2. RADIUS client details, such as the IP address or CIDR block of the connecting databases, and the RADIUS secret that will be used for secure communication from the database (acting as the RADIUS client) to the database.
  3. A reference (or pointer) to the previous "[ad_client]" section that provides the AD primary authentication details.
Adding all of the above into a " [radius_server_auto]" section:
[radius_server_auto] ikey=DIY**************36O
 failmode=secure client=ad_client
Hence, the full file content becomes:
# cat /opt/duoauthproxy/conf/authproxy.cfg
 ; Complete documentation about the Duo Auth Proxy can be found here:
 ; MAIN: Include this section to specify global configuration options.
 ; Reference:
 ; CLIENTS: Include one or more of the following configuration sections.
 ; To configure more than one client configuration of the same type, append a
 ; number to the section name (e.g. [ad_client2])
 ; SERVERS: Include one or more of the following configuration sections.
 ; To configure more than one server configuration of the same type, append a
 ; number to the section name (e.g. radius_server_auto1, radius_server_auto2)
Once configured properly, secure and protect the configuration file as a good measure:
chmod 400 /opt/duoauthproxy/conf/authproxy.cfg
 ls -l /opt/duoauthproxy/conf/authproxy.cfg
And lastly, start the proxy service:
/opt/duoauthproxy/bin/authproxyctl start
Optionally check the status of the service. Example:
[root@duoproxy1 ~]# /opt/duoauthproxy/bin/authproxyctl status
 duoauthproxy (pid 2131) is running
 [root@duoproxy1 ~]#
Example output showing startup validations:
# /opt/duoauthproxy/bin/authproxyctl start
 Running a validation of your configuration...
 [info] Testing section 'ad_client' with configuration:
 [info] {'host': '',
  'search_dn': 'DC=stagecoach,DC=net',
  'service_account_password': '*****',
  'service_account_username': 'duo-proxy-service'}
 [info] There are no configuration problems
 [info] -----------------------------
 [info] Testing section 'radius_server_auto' with configuration:
 [info] {'api_host': '',
  'client': 'ad_client',
  'failmode': 'safe',
  'ikey': 'DIY**************36O',
  'port': '1812',
  'radius_ip_1': '',
  'radius_secret_1': '*****',
  'skey': '*****[40]'}
 [info] There are no configuration problems
 [info] -----------------------------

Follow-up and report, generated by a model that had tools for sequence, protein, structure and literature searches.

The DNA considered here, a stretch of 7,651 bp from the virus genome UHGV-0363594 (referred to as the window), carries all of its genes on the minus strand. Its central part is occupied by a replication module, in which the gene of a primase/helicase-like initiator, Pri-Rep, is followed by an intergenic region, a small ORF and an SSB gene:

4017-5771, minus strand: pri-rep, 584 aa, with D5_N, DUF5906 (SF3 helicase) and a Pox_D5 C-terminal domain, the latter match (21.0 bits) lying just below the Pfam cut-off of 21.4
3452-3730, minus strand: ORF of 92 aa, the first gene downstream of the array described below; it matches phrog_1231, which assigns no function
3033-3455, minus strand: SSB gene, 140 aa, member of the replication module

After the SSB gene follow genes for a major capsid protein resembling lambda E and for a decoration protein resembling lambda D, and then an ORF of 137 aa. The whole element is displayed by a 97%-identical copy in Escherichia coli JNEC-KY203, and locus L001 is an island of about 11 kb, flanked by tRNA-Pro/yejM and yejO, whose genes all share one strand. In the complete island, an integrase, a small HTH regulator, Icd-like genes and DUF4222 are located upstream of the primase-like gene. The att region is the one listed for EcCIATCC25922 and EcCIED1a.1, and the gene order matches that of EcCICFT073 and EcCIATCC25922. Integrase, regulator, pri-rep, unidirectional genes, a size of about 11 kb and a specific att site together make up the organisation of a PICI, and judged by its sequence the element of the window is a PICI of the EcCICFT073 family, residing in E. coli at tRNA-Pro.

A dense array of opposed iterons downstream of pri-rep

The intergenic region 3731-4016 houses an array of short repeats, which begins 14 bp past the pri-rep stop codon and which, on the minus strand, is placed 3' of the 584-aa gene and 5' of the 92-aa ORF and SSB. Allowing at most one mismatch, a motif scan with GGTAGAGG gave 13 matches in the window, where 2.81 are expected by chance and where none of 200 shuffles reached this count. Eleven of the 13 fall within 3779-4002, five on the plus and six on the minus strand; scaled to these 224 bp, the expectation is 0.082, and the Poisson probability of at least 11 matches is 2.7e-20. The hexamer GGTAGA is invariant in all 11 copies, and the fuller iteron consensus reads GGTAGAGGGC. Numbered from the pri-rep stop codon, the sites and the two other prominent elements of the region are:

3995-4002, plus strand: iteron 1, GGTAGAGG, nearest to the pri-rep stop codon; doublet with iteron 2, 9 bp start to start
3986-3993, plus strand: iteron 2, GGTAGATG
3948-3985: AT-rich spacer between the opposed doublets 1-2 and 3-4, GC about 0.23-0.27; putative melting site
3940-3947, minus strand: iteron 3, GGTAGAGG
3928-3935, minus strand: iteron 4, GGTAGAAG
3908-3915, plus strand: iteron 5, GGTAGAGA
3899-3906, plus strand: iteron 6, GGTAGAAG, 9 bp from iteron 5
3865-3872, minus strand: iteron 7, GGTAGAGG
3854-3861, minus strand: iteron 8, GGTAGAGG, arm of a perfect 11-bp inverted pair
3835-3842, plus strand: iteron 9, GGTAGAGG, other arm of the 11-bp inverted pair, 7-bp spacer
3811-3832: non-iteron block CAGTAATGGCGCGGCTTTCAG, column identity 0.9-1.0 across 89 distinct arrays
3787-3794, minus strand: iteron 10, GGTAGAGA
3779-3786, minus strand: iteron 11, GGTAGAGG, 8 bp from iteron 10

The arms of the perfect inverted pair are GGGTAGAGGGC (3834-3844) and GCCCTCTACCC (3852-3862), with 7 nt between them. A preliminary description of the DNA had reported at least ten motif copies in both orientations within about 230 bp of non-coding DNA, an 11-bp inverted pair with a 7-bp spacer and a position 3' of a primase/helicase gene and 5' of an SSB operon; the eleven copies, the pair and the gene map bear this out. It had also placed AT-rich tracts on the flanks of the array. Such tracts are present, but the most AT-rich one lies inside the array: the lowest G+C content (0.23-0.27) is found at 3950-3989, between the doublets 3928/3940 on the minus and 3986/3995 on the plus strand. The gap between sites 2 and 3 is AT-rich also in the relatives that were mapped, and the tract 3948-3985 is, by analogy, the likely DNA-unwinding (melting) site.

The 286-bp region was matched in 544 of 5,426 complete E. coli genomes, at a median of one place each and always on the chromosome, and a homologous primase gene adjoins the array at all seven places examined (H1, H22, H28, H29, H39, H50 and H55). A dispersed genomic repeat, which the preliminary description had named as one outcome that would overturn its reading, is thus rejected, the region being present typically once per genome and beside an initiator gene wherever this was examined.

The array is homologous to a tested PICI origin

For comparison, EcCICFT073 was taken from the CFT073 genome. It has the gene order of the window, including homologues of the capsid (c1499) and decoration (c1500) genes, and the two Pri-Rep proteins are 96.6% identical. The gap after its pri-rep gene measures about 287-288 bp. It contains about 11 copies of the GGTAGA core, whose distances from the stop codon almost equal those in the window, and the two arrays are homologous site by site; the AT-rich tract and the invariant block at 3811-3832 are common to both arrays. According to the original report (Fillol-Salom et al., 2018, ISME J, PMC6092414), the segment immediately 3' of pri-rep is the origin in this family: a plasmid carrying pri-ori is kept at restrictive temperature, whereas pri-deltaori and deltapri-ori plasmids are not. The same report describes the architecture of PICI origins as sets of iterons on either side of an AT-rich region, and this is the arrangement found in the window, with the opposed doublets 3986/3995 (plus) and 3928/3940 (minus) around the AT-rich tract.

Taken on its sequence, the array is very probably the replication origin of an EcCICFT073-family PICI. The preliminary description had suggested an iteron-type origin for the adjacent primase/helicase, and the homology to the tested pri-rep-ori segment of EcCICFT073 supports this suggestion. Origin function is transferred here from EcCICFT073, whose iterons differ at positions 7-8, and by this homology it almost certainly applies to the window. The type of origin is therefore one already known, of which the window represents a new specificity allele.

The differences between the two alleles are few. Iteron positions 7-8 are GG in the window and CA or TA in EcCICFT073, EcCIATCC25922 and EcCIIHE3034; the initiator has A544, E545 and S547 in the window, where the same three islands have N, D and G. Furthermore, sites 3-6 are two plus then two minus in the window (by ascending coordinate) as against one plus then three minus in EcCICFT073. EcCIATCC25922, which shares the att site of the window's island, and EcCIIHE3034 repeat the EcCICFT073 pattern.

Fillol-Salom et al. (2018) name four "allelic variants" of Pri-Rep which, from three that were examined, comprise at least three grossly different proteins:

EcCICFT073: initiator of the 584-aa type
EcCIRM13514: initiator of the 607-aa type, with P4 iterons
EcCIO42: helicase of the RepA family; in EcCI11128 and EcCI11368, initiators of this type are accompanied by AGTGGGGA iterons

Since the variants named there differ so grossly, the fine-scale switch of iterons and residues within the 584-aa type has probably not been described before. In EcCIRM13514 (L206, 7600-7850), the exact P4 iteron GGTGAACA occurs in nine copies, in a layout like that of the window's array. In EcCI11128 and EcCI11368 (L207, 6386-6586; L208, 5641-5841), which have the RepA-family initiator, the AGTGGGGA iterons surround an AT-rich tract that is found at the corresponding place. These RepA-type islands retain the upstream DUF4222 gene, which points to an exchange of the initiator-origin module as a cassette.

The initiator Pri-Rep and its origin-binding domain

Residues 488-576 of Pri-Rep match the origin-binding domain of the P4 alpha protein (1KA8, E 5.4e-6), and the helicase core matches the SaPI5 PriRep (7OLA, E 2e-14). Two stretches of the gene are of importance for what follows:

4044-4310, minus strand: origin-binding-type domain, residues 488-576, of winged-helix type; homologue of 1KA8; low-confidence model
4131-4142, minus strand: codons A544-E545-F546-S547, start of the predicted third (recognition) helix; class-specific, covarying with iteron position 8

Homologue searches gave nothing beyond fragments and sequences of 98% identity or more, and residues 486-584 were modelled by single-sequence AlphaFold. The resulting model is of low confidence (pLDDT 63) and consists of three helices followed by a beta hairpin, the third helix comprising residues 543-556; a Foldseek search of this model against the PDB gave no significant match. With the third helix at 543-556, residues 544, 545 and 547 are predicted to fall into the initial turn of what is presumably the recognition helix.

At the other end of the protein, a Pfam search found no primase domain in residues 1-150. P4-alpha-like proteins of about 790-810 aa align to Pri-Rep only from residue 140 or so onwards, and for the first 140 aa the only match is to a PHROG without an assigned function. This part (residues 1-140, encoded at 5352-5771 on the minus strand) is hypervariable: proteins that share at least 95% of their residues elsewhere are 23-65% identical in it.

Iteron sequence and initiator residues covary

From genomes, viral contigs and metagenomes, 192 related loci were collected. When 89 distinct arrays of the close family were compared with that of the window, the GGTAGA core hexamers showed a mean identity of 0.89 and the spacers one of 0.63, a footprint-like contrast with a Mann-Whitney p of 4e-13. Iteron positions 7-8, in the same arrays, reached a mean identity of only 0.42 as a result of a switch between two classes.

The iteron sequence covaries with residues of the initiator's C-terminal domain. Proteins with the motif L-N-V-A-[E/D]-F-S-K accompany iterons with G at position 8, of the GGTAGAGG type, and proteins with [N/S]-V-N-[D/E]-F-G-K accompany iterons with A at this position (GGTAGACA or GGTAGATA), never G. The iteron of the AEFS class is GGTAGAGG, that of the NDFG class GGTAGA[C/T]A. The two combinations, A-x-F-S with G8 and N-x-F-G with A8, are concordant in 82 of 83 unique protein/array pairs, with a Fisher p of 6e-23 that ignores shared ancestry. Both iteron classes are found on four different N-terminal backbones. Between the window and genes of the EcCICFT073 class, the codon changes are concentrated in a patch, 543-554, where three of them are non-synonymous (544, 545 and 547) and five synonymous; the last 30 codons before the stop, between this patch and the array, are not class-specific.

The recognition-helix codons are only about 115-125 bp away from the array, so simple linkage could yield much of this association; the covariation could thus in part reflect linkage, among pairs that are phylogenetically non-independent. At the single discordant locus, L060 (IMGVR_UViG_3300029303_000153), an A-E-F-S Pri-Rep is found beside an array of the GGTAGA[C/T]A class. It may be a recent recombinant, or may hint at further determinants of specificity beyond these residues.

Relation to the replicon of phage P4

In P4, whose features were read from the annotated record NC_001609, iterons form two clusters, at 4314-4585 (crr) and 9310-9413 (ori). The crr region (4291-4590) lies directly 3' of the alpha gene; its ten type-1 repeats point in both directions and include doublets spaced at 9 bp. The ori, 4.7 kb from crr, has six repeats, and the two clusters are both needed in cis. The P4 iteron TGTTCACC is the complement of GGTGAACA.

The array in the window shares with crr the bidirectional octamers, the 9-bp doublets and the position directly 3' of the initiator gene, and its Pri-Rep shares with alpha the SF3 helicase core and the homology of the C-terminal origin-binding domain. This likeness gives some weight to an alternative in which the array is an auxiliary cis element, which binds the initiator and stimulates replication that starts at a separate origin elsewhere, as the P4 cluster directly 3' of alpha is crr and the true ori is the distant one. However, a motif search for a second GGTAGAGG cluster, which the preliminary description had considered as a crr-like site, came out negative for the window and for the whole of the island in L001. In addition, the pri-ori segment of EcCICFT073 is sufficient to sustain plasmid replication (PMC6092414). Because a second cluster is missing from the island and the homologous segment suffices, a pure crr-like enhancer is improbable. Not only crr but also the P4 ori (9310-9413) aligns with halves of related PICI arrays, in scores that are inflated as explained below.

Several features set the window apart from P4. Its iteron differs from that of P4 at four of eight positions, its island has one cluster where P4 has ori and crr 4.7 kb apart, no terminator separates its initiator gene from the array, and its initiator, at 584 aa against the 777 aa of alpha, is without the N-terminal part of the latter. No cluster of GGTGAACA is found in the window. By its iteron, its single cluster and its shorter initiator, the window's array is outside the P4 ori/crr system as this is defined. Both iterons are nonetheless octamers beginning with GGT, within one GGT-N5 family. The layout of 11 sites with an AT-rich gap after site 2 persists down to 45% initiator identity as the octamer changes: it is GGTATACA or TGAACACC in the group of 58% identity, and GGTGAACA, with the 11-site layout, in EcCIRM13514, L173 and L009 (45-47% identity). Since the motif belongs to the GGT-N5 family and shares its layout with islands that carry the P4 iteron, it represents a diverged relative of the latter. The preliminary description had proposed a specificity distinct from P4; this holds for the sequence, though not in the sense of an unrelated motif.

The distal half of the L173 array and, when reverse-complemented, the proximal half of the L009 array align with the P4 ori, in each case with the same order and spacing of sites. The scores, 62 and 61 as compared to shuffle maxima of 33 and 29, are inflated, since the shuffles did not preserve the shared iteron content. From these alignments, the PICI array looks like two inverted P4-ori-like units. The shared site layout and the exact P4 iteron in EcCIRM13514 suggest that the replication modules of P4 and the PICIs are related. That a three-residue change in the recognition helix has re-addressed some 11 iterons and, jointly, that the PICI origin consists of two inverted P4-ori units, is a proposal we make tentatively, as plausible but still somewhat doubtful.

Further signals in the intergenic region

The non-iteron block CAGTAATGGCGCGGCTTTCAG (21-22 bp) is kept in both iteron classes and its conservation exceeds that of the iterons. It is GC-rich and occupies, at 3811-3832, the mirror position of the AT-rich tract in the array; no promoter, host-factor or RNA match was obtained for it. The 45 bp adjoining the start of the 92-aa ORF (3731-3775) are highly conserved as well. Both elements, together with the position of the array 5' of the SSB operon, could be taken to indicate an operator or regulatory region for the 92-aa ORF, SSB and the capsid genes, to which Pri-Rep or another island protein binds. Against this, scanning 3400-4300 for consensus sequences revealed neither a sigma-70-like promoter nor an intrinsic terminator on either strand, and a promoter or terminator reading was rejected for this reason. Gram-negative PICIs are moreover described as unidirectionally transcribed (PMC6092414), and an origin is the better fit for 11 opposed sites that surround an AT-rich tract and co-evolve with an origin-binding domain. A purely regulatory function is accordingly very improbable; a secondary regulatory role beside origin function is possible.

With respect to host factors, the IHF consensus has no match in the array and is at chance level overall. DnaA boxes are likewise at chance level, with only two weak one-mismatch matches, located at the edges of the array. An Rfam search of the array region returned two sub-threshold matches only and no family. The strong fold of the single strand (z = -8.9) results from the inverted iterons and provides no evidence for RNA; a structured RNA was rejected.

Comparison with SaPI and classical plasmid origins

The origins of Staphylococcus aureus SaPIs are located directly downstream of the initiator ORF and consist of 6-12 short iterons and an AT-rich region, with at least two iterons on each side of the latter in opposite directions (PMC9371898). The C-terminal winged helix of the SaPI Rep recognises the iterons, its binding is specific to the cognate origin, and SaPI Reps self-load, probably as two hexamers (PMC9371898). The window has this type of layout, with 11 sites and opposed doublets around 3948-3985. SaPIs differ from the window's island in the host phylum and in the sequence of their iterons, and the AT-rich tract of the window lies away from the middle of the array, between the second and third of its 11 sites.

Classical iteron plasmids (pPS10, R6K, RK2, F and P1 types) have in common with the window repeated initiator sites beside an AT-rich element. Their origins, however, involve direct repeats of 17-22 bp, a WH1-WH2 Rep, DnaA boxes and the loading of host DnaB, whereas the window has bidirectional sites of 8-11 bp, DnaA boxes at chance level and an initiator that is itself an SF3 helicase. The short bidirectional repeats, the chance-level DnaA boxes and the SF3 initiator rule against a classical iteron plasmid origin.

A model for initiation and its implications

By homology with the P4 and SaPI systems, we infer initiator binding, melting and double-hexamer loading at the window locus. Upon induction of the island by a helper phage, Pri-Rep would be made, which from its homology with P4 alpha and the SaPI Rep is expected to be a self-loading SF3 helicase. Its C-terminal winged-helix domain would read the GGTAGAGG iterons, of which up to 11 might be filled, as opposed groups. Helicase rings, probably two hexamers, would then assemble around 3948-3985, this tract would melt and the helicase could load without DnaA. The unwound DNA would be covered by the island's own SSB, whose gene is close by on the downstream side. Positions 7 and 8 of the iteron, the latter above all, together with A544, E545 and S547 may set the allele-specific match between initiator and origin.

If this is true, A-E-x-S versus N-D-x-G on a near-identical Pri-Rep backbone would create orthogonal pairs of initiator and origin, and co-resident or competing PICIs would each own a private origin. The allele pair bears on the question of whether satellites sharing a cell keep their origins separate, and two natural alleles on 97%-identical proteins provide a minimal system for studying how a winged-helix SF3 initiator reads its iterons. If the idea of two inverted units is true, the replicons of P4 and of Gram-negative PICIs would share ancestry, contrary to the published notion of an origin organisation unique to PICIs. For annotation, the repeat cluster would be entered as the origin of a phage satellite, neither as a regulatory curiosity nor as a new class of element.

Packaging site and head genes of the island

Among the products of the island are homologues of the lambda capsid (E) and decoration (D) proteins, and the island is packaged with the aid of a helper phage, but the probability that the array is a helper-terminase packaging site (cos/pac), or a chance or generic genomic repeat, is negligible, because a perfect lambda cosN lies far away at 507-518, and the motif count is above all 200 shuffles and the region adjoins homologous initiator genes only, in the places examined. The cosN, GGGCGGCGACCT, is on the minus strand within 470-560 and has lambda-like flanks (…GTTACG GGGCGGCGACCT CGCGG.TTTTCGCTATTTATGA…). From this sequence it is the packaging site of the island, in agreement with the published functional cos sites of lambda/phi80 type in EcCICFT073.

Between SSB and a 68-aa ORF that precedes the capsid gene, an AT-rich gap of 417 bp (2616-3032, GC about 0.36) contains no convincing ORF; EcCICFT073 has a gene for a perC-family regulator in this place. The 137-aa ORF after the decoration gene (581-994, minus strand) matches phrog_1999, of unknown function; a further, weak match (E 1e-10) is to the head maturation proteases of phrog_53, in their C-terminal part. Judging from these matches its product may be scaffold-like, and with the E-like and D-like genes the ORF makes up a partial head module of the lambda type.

[info] SUMMARY
 [info] No issues detected
 The results have also been logged in /opt/duoauthproxy/log/connectivity_tool.log

Oracle Database Server Configuration

The Oracle Database configuration is rather straightforward and is a one-time setup. Similar to other "strong authentication" configurations, the key settings are in the SQLNET.ORA file. First, on the Oracle Database server as the " oracle" (or Oracle software owner) user, save the "radius_secret" value to a file:
mkdir -p ${ORACLE_HOME}/network/security
 echo "secretoracle" > ${ORACLE_HOME}/network/security/radius.key
 chmod 600 ${ORACLE_HOME}/network/security/radius.key
Then add the required entries to the SQLNET.ORA file and verify the file (add the appropriate FQDN or IP address for the Duo Authentication proxy server):
cat << EOF >> ${ORACLE_HOME}/network/admin/sqlnet.ora
Note: It's critical that SQLNET.AUTHENTICATION_SERVICES includes " RADIUS." You can include other parameters as desired, such as the RADIUS timeout and retries. Or for higher availability and redundancy, the SQLNET.RADIUS_ALTERNATE parameter to specify a backup Duo Authentication Proxy Server should the primary become unavailable. Ensure that the database initialization parameters are properly set:
sqlplus -s / as sysdba << EOF
 alter system set os_authent_prefix='' scope=spfile sid='*';
 alter system set remote_os_authent=false scope = spfile sid='*';
 shutdown immediate
 --alter pluggable database all open;
Add finally, create a test user in the database (presuming the user is already set up in the Duo Admin panel including initialization for a TOTP or with the Duo mobile app) with EXTERNAL authentication. Example:
SQL> create user "" identified externally;
 User created.
 SQL> grant connect to "";
 Grant succeeded.
SQL> select username, password, account_status, external_name, password_versions from dba_users where oracle_maintained = 'N';